Many thanks to Cristina Mariottini, Senior Research Fellow, Max Planck Institute Luxembourg
After eight years of intense litigation, on November 14th, 2013 the U.S. District Court for the Southern District of New York granted Google’s motion to dismiss The Authors Guild, Inc., et al. v. Google Inc., also known as the Google Book Search Case. This litigation, which captured for such a long time the attention of publishers, authors, libraries and internet users, quite interestingly included in its different stages unusual procedural passages such as the court’s rejection of an amended settlement agreement and the uncertification of a class, and eventually it ended with a rather surprising departure from the SDNY’s earlier approach in this case to “fair use” in copyright.
I. Judicial History
In September 2005, the Authors Guild filed a class action lawsuit in the Southern District of New York against Google over Google’s scanning of over 20 million library books from several research libraries without the prior authorization of rightsholders. The following month, the Association of American Publishers filed another lawsuit against Google for copyright infringement, seeking injunctive relief. Google responded that its use was a “fair use” because they were only showing “snippets” for books where they did not have permission from a rightsholder. In the spring of 2006 the parties began settlement negotiations, and two years later, in October 2008, Google announced an agreement to pay $125 million to settle the lawsuit. The settlement agreement also included licensing provisions, allowing Google to sell personal and institutional subscriptions to its database of books. However, in November 2009, after the Department of Justice filed a brief suggesting that the initial agreement may violate U.S. anti-trust laws (in fact, as the Department of Justice observed, it “[gives] Google control over the digitizing of virtually all books covered by copyright in the United States”), the parties filed an Amended Settlement Agreement (ASA). Among the changes it encompassed, the ASA limited the scope to foreign books that are registered with the U.S. Copyright Office or published in the UK, Canada, or Australia; it granted the rightsholder the ability to renegotiate the revenue share and provided Google with added flexibility in discounting; and it created a fiduciary to hold payments due to orphan works: if the rightsholder was never ascertained, the funds would be distributed cy-près instead of redistributed among rightsholders.
However, severe criticism was raised against the ASA by authors, publishers and other stakeholders according to which, in spite of these “improvements”, the ASA continued to impose a de facto compulsory license with respect to worldwide digital book copyrights under the guise of an intellectual property class action. Such worldwide coverage was the result of the fact that – regardless of the wording in the agreement – the ASA was not simply limited to authors and publishers in the United States, Canada, the United Kingdom and Australia but, rather, it also extended to international authors who registered with the U.S. Copyright Office (in this regard cf. the Memorandum of law in opposition to the Amended Settlement Agreement on behalf of the Federal Republic of Germany of January 28th, 2010). Subsequently, on March 22nd, 2011 supervising Judge Chin issued a ruling rejecting the settlement, stating that the ASA was “an attempt to use the class action mechanism to implement forward-looking business arrangements that go far beyond the dispute before the Court” and that it would “release Google (and others) from liability for certain future acts”. Eventually, Judge Chin urged that the settlement be revised from “opt-out” to “opt-in”. Despite a series of status conferences that were held throughout 2011, an amended “opt-in” settlement was not reached, and the ASA was simply rejected. In 2012 Judge Chin recertified the class represented by the Authors Guild, and the case was scheduled to go to court by July 2013. However, in July 2013, the Second Circuit overruled the class certification and remanded the case to the District Court for consideration of the “fair use” issues. In holding that it “believe[d] that the resolution of Google’s fair use defense in the first instance will necessarily inform and perhaps moot our analysis of many class certification issues” the appellate court provided clear indication that it deemed that Google’s “fair use” defense was grounded and that, once the lower court addressed the Author Guild’s claim from a “fair use” perspective, it would find that no class needed to be certified as there was no claim to be brought.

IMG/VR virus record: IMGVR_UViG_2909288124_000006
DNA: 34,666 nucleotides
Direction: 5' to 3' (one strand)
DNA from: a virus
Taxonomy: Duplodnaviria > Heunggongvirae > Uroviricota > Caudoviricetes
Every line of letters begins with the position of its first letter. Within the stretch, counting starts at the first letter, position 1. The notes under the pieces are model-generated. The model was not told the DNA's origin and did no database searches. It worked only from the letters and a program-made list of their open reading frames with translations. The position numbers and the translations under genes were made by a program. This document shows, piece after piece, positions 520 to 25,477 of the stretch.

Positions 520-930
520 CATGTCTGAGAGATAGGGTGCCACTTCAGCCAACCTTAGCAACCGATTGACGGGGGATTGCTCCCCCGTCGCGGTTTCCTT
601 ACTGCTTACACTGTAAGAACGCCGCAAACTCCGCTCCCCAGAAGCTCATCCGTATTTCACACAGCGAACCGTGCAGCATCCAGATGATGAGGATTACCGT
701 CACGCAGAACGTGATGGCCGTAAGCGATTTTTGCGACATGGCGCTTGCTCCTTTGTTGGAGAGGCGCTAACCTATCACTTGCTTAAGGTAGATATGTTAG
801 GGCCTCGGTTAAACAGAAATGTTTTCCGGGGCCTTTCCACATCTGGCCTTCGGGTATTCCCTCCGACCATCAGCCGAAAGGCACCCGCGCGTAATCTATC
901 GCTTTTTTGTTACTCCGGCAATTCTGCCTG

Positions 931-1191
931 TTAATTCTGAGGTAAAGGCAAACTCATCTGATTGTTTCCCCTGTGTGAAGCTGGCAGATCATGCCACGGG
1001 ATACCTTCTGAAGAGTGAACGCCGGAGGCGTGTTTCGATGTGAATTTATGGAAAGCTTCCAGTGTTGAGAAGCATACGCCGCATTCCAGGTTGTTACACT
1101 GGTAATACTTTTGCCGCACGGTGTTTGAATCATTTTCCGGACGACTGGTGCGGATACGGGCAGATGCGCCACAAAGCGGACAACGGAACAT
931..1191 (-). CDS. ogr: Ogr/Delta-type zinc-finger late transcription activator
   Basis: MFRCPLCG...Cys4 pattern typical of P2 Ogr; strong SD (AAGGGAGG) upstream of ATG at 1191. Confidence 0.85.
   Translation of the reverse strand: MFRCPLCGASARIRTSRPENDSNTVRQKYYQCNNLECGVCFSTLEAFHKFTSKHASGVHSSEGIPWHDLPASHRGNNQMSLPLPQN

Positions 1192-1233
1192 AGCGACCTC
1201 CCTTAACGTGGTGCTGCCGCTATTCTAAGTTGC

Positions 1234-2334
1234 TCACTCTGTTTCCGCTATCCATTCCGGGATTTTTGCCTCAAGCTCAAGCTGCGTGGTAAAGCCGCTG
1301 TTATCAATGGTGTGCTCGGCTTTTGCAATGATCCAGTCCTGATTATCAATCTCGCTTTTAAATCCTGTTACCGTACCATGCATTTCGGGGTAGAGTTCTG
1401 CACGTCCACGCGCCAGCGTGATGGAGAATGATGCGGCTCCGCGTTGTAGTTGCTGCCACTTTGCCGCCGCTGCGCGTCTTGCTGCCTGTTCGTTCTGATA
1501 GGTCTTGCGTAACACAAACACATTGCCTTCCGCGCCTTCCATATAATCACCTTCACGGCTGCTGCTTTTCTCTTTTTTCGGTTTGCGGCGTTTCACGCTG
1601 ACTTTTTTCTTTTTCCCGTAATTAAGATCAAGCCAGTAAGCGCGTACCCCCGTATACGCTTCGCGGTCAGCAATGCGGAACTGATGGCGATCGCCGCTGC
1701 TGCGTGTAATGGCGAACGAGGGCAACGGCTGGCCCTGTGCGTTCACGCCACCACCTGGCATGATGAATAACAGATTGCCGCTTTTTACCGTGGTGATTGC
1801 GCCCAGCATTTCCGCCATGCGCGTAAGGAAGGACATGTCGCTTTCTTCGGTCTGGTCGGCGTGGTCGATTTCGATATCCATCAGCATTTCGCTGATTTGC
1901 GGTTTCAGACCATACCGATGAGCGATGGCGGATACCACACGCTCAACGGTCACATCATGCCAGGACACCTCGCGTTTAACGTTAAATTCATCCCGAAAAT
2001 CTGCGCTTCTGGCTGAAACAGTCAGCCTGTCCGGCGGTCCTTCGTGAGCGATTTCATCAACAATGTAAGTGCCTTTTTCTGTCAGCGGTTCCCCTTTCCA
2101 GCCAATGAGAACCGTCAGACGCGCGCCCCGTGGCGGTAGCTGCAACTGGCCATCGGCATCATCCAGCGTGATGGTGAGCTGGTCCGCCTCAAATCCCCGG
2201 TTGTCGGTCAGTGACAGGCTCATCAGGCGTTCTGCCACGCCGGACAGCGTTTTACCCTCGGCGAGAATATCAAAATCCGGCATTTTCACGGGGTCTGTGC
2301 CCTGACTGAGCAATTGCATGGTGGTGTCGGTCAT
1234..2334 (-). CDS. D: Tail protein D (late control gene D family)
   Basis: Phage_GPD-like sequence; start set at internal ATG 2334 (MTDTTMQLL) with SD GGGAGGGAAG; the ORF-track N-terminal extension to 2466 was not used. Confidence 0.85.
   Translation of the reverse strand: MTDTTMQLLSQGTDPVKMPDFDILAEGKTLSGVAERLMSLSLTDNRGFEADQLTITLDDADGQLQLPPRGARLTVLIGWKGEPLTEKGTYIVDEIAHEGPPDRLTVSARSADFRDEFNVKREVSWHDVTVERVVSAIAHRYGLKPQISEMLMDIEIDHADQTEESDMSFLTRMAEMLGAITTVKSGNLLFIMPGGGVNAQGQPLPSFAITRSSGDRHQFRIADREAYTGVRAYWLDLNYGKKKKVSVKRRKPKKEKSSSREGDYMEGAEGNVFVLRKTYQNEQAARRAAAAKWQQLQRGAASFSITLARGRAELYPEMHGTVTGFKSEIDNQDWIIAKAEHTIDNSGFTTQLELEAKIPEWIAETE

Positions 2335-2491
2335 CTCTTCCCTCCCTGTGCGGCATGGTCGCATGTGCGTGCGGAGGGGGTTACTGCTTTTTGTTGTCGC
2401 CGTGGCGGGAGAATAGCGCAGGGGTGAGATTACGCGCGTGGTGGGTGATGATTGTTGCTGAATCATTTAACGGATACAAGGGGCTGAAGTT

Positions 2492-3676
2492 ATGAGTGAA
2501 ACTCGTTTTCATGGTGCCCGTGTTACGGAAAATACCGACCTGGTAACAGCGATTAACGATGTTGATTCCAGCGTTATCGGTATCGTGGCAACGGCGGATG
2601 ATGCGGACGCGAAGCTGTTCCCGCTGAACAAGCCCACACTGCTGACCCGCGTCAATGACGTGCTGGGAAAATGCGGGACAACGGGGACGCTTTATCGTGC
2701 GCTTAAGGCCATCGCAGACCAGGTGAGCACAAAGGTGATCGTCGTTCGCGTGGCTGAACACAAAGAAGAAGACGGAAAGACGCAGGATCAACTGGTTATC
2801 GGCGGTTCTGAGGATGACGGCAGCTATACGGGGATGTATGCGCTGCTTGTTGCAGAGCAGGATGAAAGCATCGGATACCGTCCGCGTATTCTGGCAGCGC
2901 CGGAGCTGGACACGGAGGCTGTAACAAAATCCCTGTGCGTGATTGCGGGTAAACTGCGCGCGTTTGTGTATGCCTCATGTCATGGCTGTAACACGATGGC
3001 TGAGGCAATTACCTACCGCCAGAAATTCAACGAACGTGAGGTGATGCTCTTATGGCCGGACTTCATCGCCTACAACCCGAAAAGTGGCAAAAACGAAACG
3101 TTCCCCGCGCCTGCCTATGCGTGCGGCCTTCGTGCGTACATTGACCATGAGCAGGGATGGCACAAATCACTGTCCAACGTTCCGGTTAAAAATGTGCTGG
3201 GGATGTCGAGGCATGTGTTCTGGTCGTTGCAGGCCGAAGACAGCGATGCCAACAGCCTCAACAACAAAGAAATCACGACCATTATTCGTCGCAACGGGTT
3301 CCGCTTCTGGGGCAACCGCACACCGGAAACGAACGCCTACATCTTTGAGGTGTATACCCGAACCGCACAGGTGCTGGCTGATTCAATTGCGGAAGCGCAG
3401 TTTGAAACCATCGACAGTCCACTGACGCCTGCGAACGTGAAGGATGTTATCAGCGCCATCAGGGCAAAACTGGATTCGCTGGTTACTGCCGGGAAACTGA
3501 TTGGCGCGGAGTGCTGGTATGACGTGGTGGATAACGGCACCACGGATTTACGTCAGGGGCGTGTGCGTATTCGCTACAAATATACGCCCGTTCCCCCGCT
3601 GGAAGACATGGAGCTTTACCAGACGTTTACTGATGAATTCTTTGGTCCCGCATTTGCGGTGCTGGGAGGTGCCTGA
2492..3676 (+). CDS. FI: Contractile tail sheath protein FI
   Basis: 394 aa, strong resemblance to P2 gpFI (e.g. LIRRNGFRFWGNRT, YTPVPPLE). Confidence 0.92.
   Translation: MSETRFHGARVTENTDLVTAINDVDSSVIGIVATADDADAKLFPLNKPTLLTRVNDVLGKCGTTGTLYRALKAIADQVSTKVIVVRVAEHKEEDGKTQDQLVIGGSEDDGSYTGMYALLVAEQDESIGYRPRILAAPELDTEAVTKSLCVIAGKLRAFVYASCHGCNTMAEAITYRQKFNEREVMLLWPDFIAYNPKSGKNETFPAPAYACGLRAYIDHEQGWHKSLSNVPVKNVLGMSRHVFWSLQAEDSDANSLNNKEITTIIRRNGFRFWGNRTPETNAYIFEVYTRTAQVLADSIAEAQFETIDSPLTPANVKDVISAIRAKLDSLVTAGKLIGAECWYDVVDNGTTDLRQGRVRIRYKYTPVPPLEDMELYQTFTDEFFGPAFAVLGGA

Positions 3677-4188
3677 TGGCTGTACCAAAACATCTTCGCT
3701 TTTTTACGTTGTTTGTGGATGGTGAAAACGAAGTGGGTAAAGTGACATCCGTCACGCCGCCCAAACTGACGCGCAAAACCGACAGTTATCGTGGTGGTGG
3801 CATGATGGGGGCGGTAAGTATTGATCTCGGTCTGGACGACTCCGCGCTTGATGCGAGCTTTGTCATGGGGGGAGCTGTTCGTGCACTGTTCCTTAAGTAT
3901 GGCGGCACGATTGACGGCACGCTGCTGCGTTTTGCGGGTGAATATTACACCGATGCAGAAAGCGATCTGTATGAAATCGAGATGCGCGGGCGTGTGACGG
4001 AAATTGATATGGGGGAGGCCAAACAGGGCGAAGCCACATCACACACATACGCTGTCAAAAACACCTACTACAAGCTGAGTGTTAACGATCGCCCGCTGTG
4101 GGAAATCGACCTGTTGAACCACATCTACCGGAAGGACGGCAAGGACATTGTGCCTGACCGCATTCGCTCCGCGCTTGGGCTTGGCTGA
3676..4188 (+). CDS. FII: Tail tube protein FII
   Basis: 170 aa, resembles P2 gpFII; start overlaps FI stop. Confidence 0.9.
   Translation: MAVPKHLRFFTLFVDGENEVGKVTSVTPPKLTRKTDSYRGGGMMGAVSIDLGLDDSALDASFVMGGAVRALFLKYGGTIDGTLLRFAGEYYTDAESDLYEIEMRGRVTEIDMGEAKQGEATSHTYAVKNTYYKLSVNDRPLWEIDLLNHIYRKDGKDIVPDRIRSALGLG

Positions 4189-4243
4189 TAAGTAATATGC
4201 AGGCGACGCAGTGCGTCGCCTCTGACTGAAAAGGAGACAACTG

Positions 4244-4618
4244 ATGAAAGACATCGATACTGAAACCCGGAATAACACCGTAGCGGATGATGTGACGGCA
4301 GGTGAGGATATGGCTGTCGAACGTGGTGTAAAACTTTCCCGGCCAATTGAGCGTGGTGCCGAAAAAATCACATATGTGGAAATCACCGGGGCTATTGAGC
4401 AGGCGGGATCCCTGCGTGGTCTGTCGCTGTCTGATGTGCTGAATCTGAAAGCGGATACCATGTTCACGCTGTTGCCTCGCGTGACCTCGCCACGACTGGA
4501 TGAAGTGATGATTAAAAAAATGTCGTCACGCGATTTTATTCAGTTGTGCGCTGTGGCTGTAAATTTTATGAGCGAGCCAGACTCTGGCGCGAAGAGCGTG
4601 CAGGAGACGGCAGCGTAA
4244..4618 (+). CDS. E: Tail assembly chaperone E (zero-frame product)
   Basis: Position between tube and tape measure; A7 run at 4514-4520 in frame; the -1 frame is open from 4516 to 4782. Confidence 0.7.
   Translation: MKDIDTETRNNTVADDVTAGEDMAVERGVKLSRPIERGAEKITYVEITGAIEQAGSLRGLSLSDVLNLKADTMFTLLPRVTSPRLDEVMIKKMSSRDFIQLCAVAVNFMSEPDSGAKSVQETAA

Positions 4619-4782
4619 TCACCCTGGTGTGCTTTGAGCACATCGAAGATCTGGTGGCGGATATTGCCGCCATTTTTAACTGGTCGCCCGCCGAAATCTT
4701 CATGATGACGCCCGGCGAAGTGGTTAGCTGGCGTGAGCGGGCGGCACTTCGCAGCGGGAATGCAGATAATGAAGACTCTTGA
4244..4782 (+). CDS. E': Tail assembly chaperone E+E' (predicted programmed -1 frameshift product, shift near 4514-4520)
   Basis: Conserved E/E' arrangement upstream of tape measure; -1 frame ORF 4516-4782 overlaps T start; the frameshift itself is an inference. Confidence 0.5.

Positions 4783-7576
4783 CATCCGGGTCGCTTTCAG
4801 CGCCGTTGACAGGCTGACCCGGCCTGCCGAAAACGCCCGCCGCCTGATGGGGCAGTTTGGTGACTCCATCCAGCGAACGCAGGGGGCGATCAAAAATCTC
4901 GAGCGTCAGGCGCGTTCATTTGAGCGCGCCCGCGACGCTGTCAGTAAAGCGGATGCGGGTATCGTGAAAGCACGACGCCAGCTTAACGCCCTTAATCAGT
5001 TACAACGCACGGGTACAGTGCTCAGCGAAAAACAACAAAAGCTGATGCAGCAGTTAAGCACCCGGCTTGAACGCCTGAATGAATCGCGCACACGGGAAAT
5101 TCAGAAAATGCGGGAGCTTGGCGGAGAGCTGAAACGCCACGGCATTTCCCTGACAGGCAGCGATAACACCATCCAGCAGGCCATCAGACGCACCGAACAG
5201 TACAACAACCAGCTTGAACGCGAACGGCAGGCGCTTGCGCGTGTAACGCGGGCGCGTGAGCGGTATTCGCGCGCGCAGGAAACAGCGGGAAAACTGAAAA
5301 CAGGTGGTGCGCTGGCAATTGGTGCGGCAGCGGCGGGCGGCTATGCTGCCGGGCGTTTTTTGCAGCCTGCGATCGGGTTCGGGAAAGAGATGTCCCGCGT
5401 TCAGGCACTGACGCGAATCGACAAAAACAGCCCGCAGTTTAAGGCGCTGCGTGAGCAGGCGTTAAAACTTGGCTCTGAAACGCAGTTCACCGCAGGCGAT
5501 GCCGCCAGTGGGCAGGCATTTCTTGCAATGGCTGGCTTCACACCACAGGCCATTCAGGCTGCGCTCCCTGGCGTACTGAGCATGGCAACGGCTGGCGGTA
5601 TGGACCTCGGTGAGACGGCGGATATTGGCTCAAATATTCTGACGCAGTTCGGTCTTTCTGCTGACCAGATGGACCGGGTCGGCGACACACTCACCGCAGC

II. Upholding the “Fair Use” Doctrine
The “fair use” doctrine is codified in § 107 of the Copyright Act (17 U.S.C. § 107), which provides that in order to assess the fair use of a copyrighted work certain factors must be considered, including:
(1) the purpose and character of the use, including whether such use is of a commercial nature or is for nonprofit educational purposes;
(2) the nature of the copyrighted work;
(3) the amount and substantiality of the portion used in relation to the copyrighted work as a whole; and
(4) the effect of the use upon the potential market for or value of the copyrighted work.
Judge Chin’s analysis of the four factors in the Google Book Search decision may be summarized as follows:
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